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Oath On The Stand (Read 10072 times)
gaztus
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Oath On The Stand
Mar 26th, 2007 at 1:53am
 
I am a taxi driver and was having a discussion with a law student who didn't know the answer, hopefully someone can help.

When you take your oath on the stand "Do you promise to tell the truth, the whole truth and nothing but the truth" or whatever the equivalent is in court, what if you answered No?  I won't tell the truth.  Do you have the right?  Would you be held in contempt of court and put in jail?
I don't have any impending court cases looming, just one of many discussion with my passengers.

Thanks in advance.   Wink
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petrocelli
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Re: Oath On The Stand
Reply #1 - Mar 26th, 2007 at 10:51am
 
You have the right to say whatever the heck you want.

Practically, however, if you were unable to give an asurance to the court that your evidence would be truthful, then it is extremely unlikely that anyone would want to take further evidence from you. It would strike both at the heart of the credibility of you as a witness, and the reliability of your evidence.

Conversely, as you are probably aware, if you were sworn in and subsequently deliberately told a lie, then you would have committed the offence of perjury.

As for contempt of court, if you get the wrong Sheriff on a bad day, who can say? The obvious question which arises is that if you have no intention of giving evidence to assist the court, then why be a witness in the first place? If I were a Sheriff and had allocated a court day to hear a witness who subsequently turned up and refused to take an oath, I certainly wouldn't be a happy bunny, put it that way. Whether it was the witness or the person leading the evidence who incurred the wrath would probably depend on the circumstances.
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gaztus
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Re: Oath On The Stand
Reply #2 - Mar 26th, 2007 at 2:36pm
 
Thanks,

the question was more if you were being forced by the crown to be a witness for the prosecution against someone on the defence that you knew personally and didn't want to give evidance.
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petrocelli
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Re: Oath On The Stand
Reply #3 - Mar 27th, 2007 at 12:50pm
 
The above would still hold true.

The Crown have discretion over which witnesses they will call, and will only call witnesses whose statements have been served on the defence and upon whom they intend to rely for oral evidence.

If your statement said "So-and-so is my best mate, and I'm not saying anything", then the Crown would hardly be likely to call you as a witness in the first place.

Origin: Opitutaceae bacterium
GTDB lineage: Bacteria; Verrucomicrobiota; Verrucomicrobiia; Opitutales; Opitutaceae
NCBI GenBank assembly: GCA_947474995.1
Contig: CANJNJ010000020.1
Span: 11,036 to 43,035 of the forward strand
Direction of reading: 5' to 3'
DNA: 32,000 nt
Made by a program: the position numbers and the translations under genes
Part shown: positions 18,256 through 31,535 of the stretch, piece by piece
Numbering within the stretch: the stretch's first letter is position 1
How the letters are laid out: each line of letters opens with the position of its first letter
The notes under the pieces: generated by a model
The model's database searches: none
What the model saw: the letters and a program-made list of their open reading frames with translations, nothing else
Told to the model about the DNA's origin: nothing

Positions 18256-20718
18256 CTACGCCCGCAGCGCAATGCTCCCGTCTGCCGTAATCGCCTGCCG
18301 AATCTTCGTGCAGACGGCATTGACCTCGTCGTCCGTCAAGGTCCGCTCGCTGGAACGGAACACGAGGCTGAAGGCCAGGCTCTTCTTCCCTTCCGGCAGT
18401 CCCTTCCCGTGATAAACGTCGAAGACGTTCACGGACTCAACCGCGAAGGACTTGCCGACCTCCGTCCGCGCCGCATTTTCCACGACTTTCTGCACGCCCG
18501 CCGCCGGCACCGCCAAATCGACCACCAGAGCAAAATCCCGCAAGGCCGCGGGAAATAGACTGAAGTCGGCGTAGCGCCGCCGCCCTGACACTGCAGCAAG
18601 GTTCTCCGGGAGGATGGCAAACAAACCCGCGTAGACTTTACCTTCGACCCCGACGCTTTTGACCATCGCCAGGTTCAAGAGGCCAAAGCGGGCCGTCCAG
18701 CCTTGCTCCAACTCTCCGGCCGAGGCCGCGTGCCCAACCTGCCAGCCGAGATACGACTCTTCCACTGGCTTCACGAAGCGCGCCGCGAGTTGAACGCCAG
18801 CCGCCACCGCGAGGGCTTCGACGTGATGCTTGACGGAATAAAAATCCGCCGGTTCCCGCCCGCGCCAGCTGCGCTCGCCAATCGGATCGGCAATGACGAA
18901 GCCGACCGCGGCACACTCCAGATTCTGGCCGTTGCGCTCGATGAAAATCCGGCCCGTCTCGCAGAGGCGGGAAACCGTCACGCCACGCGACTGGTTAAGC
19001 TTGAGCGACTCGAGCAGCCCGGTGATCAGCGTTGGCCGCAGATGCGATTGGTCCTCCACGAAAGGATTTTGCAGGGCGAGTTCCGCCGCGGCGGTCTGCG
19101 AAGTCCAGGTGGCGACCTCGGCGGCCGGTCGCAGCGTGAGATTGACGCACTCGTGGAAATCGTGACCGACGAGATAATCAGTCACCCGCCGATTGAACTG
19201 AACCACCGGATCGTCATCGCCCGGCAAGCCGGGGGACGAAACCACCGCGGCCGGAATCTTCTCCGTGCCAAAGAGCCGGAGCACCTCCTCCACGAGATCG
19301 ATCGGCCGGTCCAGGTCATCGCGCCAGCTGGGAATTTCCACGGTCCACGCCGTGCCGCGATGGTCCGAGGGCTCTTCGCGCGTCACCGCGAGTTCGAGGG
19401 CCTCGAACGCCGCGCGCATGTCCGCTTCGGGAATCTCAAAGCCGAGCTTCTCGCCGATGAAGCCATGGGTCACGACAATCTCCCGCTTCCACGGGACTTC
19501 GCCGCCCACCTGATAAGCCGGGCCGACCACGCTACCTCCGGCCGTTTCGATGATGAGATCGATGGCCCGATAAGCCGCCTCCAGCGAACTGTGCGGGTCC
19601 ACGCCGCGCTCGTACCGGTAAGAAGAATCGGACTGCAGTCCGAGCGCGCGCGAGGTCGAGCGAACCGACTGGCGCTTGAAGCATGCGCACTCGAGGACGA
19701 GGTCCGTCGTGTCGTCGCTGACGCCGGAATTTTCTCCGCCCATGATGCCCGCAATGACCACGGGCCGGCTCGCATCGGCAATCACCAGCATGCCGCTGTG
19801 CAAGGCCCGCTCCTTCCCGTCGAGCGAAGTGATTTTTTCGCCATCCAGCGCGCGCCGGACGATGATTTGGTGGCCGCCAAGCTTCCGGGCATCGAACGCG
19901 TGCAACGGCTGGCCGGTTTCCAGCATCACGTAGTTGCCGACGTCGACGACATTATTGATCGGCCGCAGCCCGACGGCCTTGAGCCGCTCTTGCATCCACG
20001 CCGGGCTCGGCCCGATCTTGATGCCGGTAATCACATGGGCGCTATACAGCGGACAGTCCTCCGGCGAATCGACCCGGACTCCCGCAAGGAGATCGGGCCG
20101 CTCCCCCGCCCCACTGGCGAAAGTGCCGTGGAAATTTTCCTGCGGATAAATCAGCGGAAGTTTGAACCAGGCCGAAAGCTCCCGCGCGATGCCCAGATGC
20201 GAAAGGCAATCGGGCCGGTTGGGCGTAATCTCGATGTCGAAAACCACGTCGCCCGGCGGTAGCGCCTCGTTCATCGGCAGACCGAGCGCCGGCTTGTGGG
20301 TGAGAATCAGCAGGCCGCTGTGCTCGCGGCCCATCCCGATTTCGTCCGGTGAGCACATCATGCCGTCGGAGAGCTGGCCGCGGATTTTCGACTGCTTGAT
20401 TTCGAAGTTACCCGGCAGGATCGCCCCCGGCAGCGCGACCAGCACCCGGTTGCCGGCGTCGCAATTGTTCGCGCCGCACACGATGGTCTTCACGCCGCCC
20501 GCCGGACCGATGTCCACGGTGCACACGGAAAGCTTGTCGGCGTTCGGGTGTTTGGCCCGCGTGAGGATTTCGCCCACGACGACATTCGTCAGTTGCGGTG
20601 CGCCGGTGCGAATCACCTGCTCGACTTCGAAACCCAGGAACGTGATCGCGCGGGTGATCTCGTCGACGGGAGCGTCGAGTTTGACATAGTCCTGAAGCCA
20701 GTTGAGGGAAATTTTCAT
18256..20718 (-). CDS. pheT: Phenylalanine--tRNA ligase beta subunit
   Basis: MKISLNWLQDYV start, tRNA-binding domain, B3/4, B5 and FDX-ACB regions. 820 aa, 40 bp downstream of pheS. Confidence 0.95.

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zurich_allan
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Re: Oath On The Stand
Reply #4 - Mar 28th, 2007 at 10:07am
 
Yup, all of course true. With regard contempt - yes technically you could be held in contempt (for obstructing court procedure & justice, and wasting court time), although it's unlikely you'd be called if you had made it clear that you weren't that willing to cooperate. The only people who have an automatic legal right not to be called as a witness if they object are the spouse of the accused in a criminal trial. Contempt is an interesting subject - I have an article due to be published in the June issue of JLSS about it, and it is also the subject of my Phd research.
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mr_physical
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Re: Oath On The Stand
Reply #5 - Apr 23rd, 2007 at 10:53pm
 
The Criminal Procedure (Scotland) Act 1995 section 155 (1) provides "If a witness in a summary prosecution -
(a) wifully fails to attend after being duly cited; or
(b) unlawfully refuises to be sworn; or
(c) after the oath has been administered to him refuses to answer any question which the court may allow; or
(d) prevaricates in his evidence,
he shall be deemed to be guilty of contempt of court and be liable to be summarily punished forthwith for such contempt of court by a fine not exceeding level 3 on the standard scale [currently 1,000] or by imrisonment not exceeding 21 days."
The Crown very often calls unwilling witnesses.  As a matter of public policy it is not acceptable for justice to be left to the whim of witnesses.
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